Mass. Supreme Court Rules Police Cannot Make Stops For Marijuana Possession


SEPTEMBER 24, 2015 BY

The Massachusetts Supreme Court ruled Tuesday that police cannot preform vehicle stops based solely on the suspicion that motorists are in possession of marijuana.

friedman on the drug warIn the the 5-2 ruling, the Supreme Judicial Court primarily cited a 2008 legislative measure that decriminalized possession of less than an ounce of the drug to a civil violation punishable by a fine in the state.

The ruling comes on the heels of two rulings in previous years that found that the smell of burned marijuana alone does not give police the authority to order occupants out of a car, and that the odor of burned or unburned marijuana does not justify a warrantless search.

At the center of Tuesday’s ruling was defendant Elivette Rodriguez, who was a passenger of a vehicle that New Bedford police stopped in 2012 after allegedly smelling marijuana coming from the car as it passed officers on the road.

During the stop, police found a bag containing 60 Percocet pills and Rodriguez was charged with possessing a Class B substance with intent to distribute.

The Supreme Judicial Court ruled that the pills were inadmissable, because the initial stop was not justified. The court referred the case to the district court for “further proceedings consistent with th[e] opinion.”

Justice Margot Botsford wrote for the majority stating, “Permitting police to stop a vehicle based on reasonable suspicion that an occupant possesses marijuana does not serve [the] objectives [of the 2008 law change as it] does not refocus police efforts on pursuing more serious crime.”

Prosecutors in Bristol say they will no longer pursue their case against Rodriguez, and civil-liberties advocates are haling the court ruling as “something that had not yet [been] done.”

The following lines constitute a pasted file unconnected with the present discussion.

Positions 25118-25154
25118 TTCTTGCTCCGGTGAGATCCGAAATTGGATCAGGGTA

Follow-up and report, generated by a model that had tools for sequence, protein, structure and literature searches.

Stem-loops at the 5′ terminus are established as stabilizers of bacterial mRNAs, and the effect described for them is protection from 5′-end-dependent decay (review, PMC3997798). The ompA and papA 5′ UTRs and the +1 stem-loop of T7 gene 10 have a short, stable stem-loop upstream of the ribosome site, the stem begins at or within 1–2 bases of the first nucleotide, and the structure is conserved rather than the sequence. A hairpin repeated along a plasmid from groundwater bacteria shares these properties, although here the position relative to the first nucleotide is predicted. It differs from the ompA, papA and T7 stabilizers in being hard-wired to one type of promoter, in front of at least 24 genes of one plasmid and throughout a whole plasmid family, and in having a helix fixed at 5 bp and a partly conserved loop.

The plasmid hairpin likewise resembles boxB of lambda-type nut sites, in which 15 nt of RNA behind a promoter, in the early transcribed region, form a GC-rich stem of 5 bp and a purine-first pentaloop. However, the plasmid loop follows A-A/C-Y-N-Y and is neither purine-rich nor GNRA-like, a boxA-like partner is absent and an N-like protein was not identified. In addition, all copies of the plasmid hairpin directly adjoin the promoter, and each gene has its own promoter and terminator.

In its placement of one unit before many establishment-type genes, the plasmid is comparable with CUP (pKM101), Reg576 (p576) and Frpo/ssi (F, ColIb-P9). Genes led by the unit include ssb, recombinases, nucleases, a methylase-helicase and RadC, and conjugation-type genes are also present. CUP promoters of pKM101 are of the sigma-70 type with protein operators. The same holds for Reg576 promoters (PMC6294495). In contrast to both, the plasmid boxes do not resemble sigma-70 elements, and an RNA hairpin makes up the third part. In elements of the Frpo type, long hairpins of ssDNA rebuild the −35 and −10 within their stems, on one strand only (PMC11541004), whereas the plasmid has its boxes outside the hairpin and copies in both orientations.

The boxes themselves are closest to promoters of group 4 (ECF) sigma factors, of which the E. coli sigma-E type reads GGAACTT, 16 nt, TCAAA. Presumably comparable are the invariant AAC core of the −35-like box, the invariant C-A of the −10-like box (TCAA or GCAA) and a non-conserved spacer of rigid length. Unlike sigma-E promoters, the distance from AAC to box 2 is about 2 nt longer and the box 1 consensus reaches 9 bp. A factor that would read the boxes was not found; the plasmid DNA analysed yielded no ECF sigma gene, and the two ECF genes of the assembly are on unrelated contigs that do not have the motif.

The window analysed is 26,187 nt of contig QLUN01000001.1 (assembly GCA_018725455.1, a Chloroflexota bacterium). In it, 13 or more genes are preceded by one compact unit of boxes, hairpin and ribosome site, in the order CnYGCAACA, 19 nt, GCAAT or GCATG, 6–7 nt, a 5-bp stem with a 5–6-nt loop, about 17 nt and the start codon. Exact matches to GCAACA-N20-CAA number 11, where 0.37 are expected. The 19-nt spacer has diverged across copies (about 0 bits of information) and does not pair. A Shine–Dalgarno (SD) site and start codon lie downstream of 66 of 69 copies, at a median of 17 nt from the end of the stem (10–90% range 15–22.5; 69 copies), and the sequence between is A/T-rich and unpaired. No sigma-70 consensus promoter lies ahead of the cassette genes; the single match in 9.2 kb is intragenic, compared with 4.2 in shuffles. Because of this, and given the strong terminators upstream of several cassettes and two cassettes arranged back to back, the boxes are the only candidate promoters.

Lawyer for defendant Rodriguez, John L. Calcagni III, said that prior rulings dealt only with orders to exit and allow officers search vehicles – whereas Tuesday’s decision – “closed the loop” in determining that police cannot even stop a car based on marijuana possession suspicion alone.

The primary focus of the measure passed in 2008 was to draw officers away from pursuing petty victimless crimes.

Legal director for the ACLU of Massachusetts, Matthew Segal said that the decriminalizing effort made a statement “about how the police ought to spend their time and the taxpayers’ money,” and added that officers pulling over motorists for suspected marijuana possession is “not consistent with the Massachusetts constitution, nor is it consistent with the will of the voters who passed decriminalization.”

In Tuesday’s dissenting opinion, Justice Robert Cordy argued that “there is no constitutionally based reason to distinguish” police stops for traffic infractions from stops for civil marijuana violations which “affect highway safety.”

The fight for marijuana legalization in Massachusetts has been an arduous one. The first medical marijuana dispensary was just opened in the state in June, nearly three years after voters legalized therapeutic use of the drug.

Voters approved a ballot measure in 2012 allowing for the licensing of up to 35 dispensaries to sell marijuana to patients suffering from progressive and fatal conditions like HIV, multiple sclerosis and Parkinson’s disease.

Implementation of the law has all but halted however, with the state seemingly not wanting to issue licenses amid a mountain of regulations and outright refusals to businesses attempting to meet market demand for the medical use of the drug.

In one such case, a judge ruled that a company was improperly denied licenses and ordered state regulators to allow the owners to move forward with plans to open dispensaries in Mashpee and Plymouth.

Massachusetts is even cracking down on so-called “marijuana caregivers” – an occupation sanctioned to fill medical demand by allowing licensed growers to sell the drug to no more than one patient until the dispensary industry blossoms – which by all estimations will not occur due to regulatory impediments.

When asking about the effort to legalize marijuana in Massachusetts – my compatriot Max Sand – who is active with the state Libertarian Party, said that the situation is unique.

“It’s tricky here,” Max said. “They want to be liberal nut-jobs [in Massachusetts,] but they like pot being illegal. Even if a [legalization bill was passed,] the governor I know is opposed to signing to legalize it.”

Two pro-marijuana groups in the state are hoping that’s not the case and are attempting to put forth a ballot measure to legalize the recreational use of marijuana by next year.

You can find out how to support the better of those two proposals in the Bay State Repeal Facebook group.

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